As we travel near and far to spend the holidays with our loved ones, we spend seemingly endless time preparing for each little journey. We make sure that each present is perfectly wrapped and stacked in the back of our car. We carefully swaddle hot casserole dishes and crock pots for their chilly ride to the party, and make extra sure that they are firmly upright before taking off. We buckle our young ones into their car seats, and off we go—safe and sound!
What may shock you, however, is that your child may have received the short end of the stick in your meticulous car loading routine. The National Highway Traffic Safety Administration (NHTSA) reports that 75 percent of all car seats are improperly used. Take time this holiday season to ensure that you have the right seat, the right fit, and the right installation—it could save a life.
Why a Properly Functioning Car Seat Matters
Car seats are not just for infants and toddlers anymore. As our knowledge of auto safety and crash statistics has grown, it has now become commonly recognized that children up to the age of 13 can benefit greatly from a variety of car seats. The NHTSA states that the leading cause of death for children between the ages of one and 13 years of age is auto accidents, and car seat use can help ensure that your child is not included in that statistic.
Not just any car seat will do, however. There are now three stages of car seats that are appropriate, based on your child’s height and weight:
- Rear-facing car seat: Rear-facing seats are the safest option for babies, as the seat cradles the entire body during impact, rather than placing stress on the infant’s neck and head. Each manufacturer has different height and weight limits for its seats, but this is the safest option for as long as your child is within the size limits.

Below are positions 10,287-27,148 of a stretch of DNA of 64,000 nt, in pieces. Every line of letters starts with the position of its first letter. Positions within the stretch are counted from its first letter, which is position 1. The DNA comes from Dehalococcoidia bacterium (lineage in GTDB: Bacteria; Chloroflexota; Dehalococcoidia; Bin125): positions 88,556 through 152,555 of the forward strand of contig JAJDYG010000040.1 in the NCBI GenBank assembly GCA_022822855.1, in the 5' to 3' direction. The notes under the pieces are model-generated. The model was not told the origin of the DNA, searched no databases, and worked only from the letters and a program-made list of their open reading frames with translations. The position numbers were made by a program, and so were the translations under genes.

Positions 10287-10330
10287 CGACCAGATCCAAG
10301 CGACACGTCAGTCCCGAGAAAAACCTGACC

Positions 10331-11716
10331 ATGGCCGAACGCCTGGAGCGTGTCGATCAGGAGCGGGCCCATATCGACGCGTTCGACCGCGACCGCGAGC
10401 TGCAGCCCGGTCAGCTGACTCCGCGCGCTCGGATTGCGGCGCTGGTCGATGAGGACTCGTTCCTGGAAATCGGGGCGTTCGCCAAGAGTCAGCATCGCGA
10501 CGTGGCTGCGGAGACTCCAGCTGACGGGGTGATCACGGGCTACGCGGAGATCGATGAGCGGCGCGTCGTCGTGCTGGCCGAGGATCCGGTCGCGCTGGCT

- Forward-facing car seat: For toddlers and smaller children, the safety harness system in the forward-facing car seat is the safest option. Most seats offer a five-point harness system that distributes crash forces to the strongest points of the child’s body, including the pelvis and sternum. Make sure that the harness is properly adjusted for your child’s shoulder height.
- Booster seat: The relative newcomer to the bunch, booster seats are not as well-known, but they are equally as important. Once your child outgrows her forward-facing car seat, she is still much smaller than the adults that vehicle seats and seatbelts are designed for. This means a seatbelt would be crossing the child’s neck and stomach, which can cause serious injuries. The booster seat lifts the child into a position where the seatbelt crosses properly across the pelvis and chest area, offering the most protection.
Once you have determined that you have the right car seat for the job, make sure that the seat is properly installed—many local police and fire stations offer installation inspections and assistance, so take advantage of their services for your safest holiday yet!